I always thought director Paulo Sorrentino was an old – or middle-aged – man, mainly because the subjects of his films The Consequences of Love and The Family Friend are older men. His latest, Il Divo, about Italian politician Giulio Andreotti, is no different.
Il Divo opens with a swaggering sequence of assassinations that's up there with the boulder-rolling start to Jonathan Glazer's Sexy Beast. Anyone who thinks The Baader Meinhof Complex glamourises terrorist killing is in for a shock. The film finishes as one of the most stunning character assassinations you'll see in cinema.
No less stylish is Sorrentino's treatment of his ageing leading man Toni Servillo, who also starred in The Consequences (as well as last year's arthouse hit, Gomorrah). Sorrentino is something of a car fetishist – some of his best sequences feature autos in tunnels – and he films his star as if he were the subject of a car ad, or a new electric shaver in a commercial.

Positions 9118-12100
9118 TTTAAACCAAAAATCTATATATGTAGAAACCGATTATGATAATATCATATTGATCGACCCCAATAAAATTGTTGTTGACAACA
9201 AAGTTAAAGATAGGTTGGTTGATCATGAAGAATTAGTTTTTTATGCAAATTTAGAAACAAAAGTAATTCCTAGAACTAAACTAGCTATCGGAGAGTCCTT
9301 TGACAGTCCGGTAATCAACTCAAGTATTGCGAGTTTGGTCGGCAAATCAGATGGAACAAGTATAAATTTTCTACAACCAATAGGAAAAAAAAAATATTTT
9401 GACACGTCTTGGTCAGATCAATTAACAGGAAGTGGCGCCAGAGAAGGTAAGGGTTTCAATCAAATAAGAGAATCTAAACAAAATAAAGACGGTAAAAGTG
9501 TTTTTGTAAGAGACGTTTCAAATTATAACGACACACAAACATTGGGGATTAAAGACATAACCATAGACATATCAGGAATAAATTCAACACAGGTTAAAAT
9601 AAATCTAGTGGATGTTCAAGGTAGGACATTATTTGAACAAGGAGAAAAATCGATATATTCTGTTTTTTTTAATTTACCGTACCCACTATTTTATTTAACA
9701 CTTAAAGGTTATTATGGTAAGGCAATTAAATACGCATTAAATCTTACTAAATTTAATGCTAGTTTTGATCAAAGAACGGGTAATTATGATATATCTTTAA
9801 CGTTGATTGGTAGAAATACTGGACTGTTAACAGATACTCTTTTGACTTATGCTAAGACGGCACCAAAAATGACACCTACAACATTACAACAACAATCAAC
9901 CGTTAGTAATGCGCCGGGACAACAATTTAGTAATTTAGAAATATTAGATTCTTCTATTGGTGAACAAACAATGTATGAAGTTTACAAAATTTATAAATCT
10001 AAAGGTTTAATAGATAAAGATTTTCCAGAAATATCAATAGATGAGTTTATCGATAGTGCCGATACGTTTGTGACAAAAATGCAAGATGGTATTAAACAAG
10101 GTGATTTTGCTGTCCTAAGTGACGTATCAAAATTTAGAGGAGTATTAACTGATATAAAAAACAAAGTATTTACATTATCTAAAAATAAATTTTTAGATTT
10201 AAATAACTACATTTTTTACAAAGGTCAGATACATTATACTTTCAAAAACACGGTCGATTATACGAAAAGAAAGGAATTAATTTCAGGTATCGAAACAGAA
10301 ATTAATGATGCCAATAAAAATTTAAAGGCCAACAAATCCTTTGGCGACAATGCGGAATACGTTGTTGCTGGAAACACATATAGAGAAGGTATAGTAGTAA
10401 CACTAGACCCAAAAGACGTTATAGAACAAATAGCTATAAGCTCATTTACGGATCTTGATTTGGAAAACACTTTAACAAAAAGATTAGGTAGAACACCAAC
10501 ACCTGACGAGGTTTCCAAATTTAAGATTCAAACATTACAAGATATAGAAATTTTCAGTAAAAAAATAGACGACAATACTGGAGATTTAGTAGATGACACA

This is quite an accomplishment as Servillo plays Andreotti as Nosferatu, hunched and shrouded (in The Consequences he was more deadpan Bilko); Giacomo Rizzo was truly grotesque as moneylender Geremia de Geremei in The Family Friend. Not that Sorrentino doesn't like his beautiful women: Olivia Magnani in The Consequences; an entire girls volleyball team for the opening of The Family Friend, and Fanny Ardant in Il Divo.
Il Divo has those flashy captions favoured by JJ Abrams, as well as an astounding sound design. Amid a typically cool soundtrack, Sorrentino's use of a couple of Italo pop tracks at crucial moments stands out – as did those cheesy, emotive songs you're more likely to hear in an Italian seaside discotheque, or a particularly patriotic restaurant, in Gomorrah, where there was no other musical soundtrack. And then Sorrentino caps it with Trio's Da Da Da. You don't get that in many political biographies, especially ones that start with a glossary.